Sunday, March 19, 2017

Ginger of the West's Tomato Tart

Dear Readers,

Happy Spring! Hooray for making it through the winter! (At least on the calendar anyway :) I just wanted to let you know that Ginger of the West: A Witches of Broomfield Bay Cozy Mystery -- the paranormal cozy that I've been working on with best-selling author Jools Sinclair -- is coming out in early April. Yippee!! This book has been so fun to work on with Jools, and I'm so excited that the first installment is finally coming out. In honor of its spring release, I asked Jools to share a recipe on my blog here. She went with a drool-worthy recipe that we mention in the book: a Tomato Tart that Ginger, the main character, makes for her crazy witchy aunt, Aunt Viv. This tart has become one of my very favorite meals, and it's perfect for the warmer days ahead. So without further ado, here's the recipe with a little introduction by Jools!

Jools Sinclair Says:

Ginger knows that there is true magic in excellent food prepared with fresh ingredients and lots of love, so it’s no wonder that this rich and soul-satisfying French Tomato Tart recipe is one of her must-make-often dishes. It’s also one of Aunt Viv’s favorites, and she reminds Ginger of that by returning the empty tart pan as soon as every last bit of the buttery crust has disappeared, in hopes that another tart will soon be on its way.

In a perfect world, you’d always use your own tomatoes growing outside in the garden, but if you don’t live in that kind of world or it’s simply off season, no biggie. Just make sure the tomatoes you do purchase are chemical-free and flavorful.

This recipe is featured (and was found on) David Lebovitz’ blog, who in turn got it from Kate Hill. It’s highly recommended to add a glass or two of your favorite rose, and to sit in some sunshine when consuming.

Bon Appetit!

Tomato Goat Cheese Tart

Tart Filling

One unbaked tart dough (see recipe below)
Dijon or whole-grain mustard
2-3 large ripe tomatoes
2 tablespoons olive oil
salt and freshly ground pepper
two generous tablespoons chopped fresh herbs, such as thyme, chives, chervil, or tarragon
8 ounces (250g) fresh or slightly aged goat cheese, sliced into rounds
Optional: 1 1/2 tablespoons flavorful honey

Tart Dough

1 1/2 cups (210g) flour
4 1/2 ounces (125g) unsalted butter, chilled, cut into cubes
1/2 teaspoon salt
1 large egg
2-3 tablespoons cold water

1. Make the dough by mixing the flour and salt in a bowl. Add the butter and use your hands, or a pastry blender, to break in the butter until the mixture has a crumbly, cornmeal-like texture.

2. Mix the egg with 2 tablespoons of the water. Make a well in the center of the dry ingredients and add the beaten egg mixture, stirring the mixture until the dough holds together. If it’s not coming together easily, add the additional tablespoon of ice water.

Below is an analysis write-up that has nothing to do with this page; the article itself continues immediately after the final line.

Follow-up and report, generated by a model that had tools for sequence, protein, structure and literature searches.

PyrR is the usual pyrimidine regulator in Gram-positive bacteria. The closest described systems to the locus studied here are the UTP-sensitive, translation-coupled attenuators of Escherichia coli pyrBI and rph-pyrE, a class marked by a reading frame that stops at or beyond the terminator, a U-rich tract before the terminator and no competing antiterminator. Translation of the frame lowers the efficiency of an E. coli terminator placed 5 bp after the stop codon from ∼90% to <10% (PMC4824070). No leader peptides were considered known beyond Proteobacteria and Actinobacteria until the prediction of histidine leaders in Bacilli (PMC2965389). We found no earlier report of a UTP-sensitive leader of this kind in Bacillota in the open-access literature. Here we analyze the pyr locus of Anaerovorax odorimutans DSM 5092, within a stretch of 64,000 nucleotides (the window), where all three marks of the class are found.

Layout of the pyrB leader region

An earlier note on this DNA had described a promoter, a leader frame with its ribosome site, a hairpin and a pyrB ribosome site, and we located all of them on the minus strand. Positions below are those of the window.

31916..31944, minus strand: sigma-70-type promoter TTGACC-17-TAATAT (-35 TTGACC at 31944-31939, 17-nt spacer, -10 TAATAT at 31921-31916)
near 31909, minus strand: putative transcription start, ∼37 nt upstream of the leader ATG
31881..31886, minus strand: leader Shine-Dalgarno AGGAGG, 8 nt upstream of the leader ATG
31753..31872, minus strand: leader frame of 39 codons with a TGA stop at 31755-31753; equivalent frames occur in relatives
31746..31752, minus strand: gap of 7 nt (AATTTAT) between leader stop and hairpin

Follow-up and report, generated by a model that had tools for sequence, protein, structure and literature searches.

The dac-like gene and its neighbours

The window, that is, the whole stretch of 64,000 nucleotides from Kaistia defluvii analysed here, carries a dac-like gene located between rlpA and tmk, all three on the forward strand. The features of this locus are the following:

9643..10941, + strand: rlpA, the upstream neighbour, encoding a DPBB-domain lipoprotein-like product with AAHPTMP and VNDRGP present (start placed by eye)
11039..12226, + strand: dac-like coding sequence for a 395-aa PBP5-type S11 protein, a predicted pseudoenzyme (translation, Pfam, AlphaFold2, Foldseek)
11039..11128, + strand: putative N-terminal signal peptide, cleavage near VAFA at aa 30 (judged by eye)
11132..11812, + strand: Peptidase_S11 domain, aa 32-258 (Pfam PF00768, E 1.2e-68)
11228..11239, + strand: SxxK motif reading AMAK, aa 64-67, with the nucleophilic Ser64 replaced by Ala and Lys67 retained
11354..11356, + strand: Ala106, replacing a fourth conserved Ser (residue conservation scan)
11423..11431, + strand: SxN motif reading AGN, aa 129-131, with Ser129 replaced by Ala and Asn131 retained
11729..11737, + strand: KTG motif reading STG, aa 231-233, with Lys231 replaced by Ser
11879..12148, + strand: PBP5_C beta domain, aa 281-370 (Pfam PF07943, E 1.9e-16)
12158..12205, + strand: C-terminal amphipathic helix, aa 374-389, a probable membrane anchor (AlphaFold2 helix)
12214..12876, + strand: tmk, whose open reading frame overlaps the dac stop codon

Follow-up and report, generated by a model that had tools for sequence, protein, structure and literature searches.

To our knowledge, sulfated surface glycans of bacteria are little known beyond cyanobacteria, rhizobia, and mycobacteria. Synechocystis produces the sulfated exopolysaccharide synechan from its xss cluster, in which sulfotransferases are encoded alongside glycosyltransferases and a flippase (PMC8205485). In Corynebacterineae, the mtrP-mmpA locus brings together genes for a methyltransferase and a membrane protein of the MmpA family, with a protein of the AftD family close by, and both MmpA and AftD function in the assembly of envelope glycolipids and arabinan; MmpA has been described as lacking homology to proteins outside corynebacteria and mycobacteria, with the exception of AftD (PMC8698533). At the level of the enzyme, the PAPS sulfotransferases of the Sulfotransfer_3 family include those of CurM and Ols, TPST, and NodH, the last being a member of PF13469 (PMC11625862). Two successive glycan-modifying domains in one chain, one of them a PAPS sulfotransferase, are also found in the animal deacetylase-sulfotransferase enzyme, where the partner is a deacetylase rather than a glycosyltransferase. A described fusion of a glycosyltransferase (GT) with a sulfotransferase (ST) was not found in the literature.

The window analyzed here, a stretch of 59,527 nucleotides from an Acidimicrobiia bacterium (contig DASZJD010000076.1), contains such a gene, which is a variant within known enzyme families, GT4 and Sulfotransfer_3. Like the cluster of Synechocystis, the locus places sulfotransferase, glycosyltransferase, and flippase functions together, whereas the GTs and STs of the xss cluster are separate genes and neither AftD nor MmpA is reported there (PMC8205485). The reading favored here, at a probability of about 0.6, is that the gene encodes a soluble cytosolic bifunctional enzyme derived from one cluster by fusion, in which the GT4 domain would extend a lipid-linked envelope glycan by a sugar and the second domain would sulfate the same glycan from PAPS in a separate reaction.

3. Gather the dough into a ball and roll the dough on a lightly floured surface, adding additional flour only as necessary to keep the dough from sticking to the counter.

4. Once the dough is large enough so that it will cover the bottom of the pan and go up the sides, roll the dough around the rolling pin then unroll it over the tart pan. “Dock” the bottom of the pastry firmly with your fingertips a few times, pressing in to make indentations.

If making a freestyle tart, simply transfer the dough to a prepared baking sheet; no need to make indentations with your fingers.

5. Preheat the oven to 425ºF (218ºC). See note below.

6. Spread an even layer of mustard over the bottom of the tart dough and let it sit a few minutes to dry out.

7. Slice the tomatoes and arrange them over the mustard in a single, even layer. Drizzle the olive oil over the top.

8. Sprinkle with some chopped fresh herbs, then arrange the slices of goat cheese on top. Add some more fresh herbs, then drizzle with some honey, if using.
(If baking a free-form tart, gather the edges when you’re done, to envelope the filling.)

9. Bake the tart for 30 minutes or so, until the dough is cooked, the tomatoes are tender, and the cheese on top is nicely browned. Depending on the heat of your oven, if the cheese doesn’t brown as much as you’d like it, you might want to pass it under the broiler until it’s just right.

*You might wish to check the tart midway through baking and turn it down a bit in case the top is getting too dark, before the crust and tomatoes appear to be cooked.

***If you wish to make a free-style tart, roll the dough out to about 14-inches across, then transfer it to a baking sheet lined with parchment paper or a silicon baking mat. Assemble the tart, leaving a 2-inch (5 cm) border, which you’ll then fold up to enclose the tart.


Jools & MM :)

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